Tokyo (1889-1923) I Land Readjustment after the Great Kanto Earthquake
The whole city was divided into sixty-six Land Readjustment Districts, in which fifteen of them were monitored by the Home Ministry and the remaining fifty-one were owned by the government. Land Readjustment committees gained influence over the readjustment of individual parcels of land into plots and the amount of compensation to be given to the landholders.
Fig1.1 Reconstruction Plan of Tokyo.
Fig1.2 Map of the Street Reappointment Area.
For the 1889 First Plan for Urban Area Improvement of Tokyo, land readjustment was widely adopted as a way to modernize and restructure the traditional Japanese urban planning practices. At the earlier stage, land readjustment was only adopted by Japanese landowner associations for the urbanization of the rural areas. Through the division of large areas into small building sites, the profits of the landowners were maximized.
Fig 1.3 Land readjustment for the creation of intersecting Showa dori and Yasukuni dori Streets in 1927 left the enclosing areas untouched. Many irregular and tiny sites were formed.
Source: Yorifusa Ishida, Nihon kindai toshikeikaku no hyakunen [The last 100 years of Japanese urban planning] (Tokyo: Jchital Kenkyusha, 1987), 165.
In 1919, the idea of land readjustment was furthered systematized by the urban planning laws. Policies related to land readjustment in rural areas and layout of future developments were stipulated. After the Great Kanto Earthquake of 1923 in particular, the Japanese planners utilized land readjustment as the major means of urban planning. Large scale plans of reconstructing and replotting the city were previously raised but turned down, as longer periods of intervention were required, while the population were in need of faster rebuilding of homes and businesses.
Fig1.4 1889 First Plan for Urban Area Improvement changed the streetscape on Nihonbashi odori Boulevard in 1909 by creating smaller lots and pushing the buildings higher.
Source: Mitsuo Okawa, Massato Kawamukai, Toru Hatsuda, and Koichi Yoshida, Kindai kenchiku no keifu [A genealogy of modern architecture] (Tokyo: Shookusha, 1997), 63.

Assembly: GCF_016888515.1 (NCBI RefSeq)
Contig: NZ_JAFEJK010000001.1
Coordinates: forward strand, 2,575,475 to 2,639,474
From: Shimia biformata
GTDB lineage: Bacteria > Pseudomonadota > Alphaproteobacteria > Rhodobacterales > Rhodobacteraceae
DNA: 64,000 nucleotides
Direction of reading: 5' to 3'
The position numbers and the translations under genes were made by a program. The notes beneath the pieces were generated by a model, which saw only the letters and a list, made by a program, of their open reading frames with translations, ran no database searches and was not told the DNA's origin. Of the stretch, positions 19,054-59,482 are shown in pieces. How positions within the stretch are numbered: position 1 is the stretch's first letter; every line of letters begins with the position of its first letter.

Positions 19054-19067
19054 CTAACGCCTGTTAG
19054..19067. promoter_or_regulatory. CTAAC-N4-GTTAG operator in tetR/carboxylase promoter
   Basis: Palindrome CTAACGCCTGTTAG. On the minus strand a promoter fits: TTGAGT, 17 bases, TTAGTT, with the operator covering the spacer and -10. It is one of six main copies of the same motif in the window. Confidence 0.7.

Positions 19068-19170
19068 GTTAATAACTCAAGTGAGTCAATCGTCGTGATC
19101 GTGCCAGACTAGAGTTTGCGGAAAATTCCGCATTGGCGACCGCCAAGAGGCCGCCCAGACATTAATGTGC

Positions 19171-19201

Land readjustment allowed people to stay on their formerly-occupied sites and only minor changes were proposed to the site layout for the reconstruction of streets. The government deployed land readjustment for building infrastructure rather than building space. In such a way, new interventions did not hinder the old land division. The size of the building sites was largely reduced, small irregular lots were formed and the buildings were instead pushed further up in height.
Occasionally the imposed land readjustment failed to redesign the lot structures in the city and to suggest guidelines in the architectural field. Zone expropriation was supported and implemented, Yaesu dori Street (to the east side of the Marunouhi area) was an example but it was not quite successful. The construction of Yaesu dori Street pinpointed the challenges of street creation in built-up areas. In 1919, large-scale zone expropriation had already been proposed when creating the Makichosen Street at Tokyo’s Central Station. However, the metropolitan government was not convinced. Yaesu dori Street was only built after the Great Kanto Earthquake of 1923 through land readjustment.
The 1923 Imperial Reconstruction Plan by the City of Tokyo proposed street widening and improvements in connections to surrounding areas. It was proposed that a new avenue east of Tokyo Station and the Marunouchi area, would run along the moat and cut through the densely built Nihonbashi area in diagonal, with the general layout of the Marunochi area unchanged.
Fig1.5 The Imperial Capital Reconstruction Plan by the City of Tokyo street widening for several streets in the Marunouchi and Ginza area.
Source: Hiromichi Ishizuka and Yorifusa Ishida, Tokyo: Urban Growth and Planning (Tokyo: Tokyo Metropolitan University, Centre for Urban Studies, 1988).
With the limited reconstruction budget, land readjustment was adopted to cope with the devastated parts of the city. Boundaries of residential property lots were altered. The government could claim ten percent of the citizens’ property.
Is land readjustment an ideal policy to be adopted after the Great Kanto Earthquake in 1923?
Andre Sorensen. “Urban Planning and Civil Society in Japan: Japanese Urban Planning Development During the Taishō Democracy Period (1905-1931).” Planning Perspectives 16 (2001): 383-406.
Hein, C. (2010) Shaping Tokyo: Land Development and Planning Practice in the Early Modern Japanese Metropolis, SAGE Publications.
Schencking, J.C. (2010). The Great Kantō Earthquake and the Chimera of National Reconstruction in Japan. New York: Columbia University Press, 2013. Chapter 5. Optimism: Dreams for a New Metropolis Amid a Landscape of Ruin; and, Chapter 6. Contestation: The Fractious Politics of Reconstruction Planning.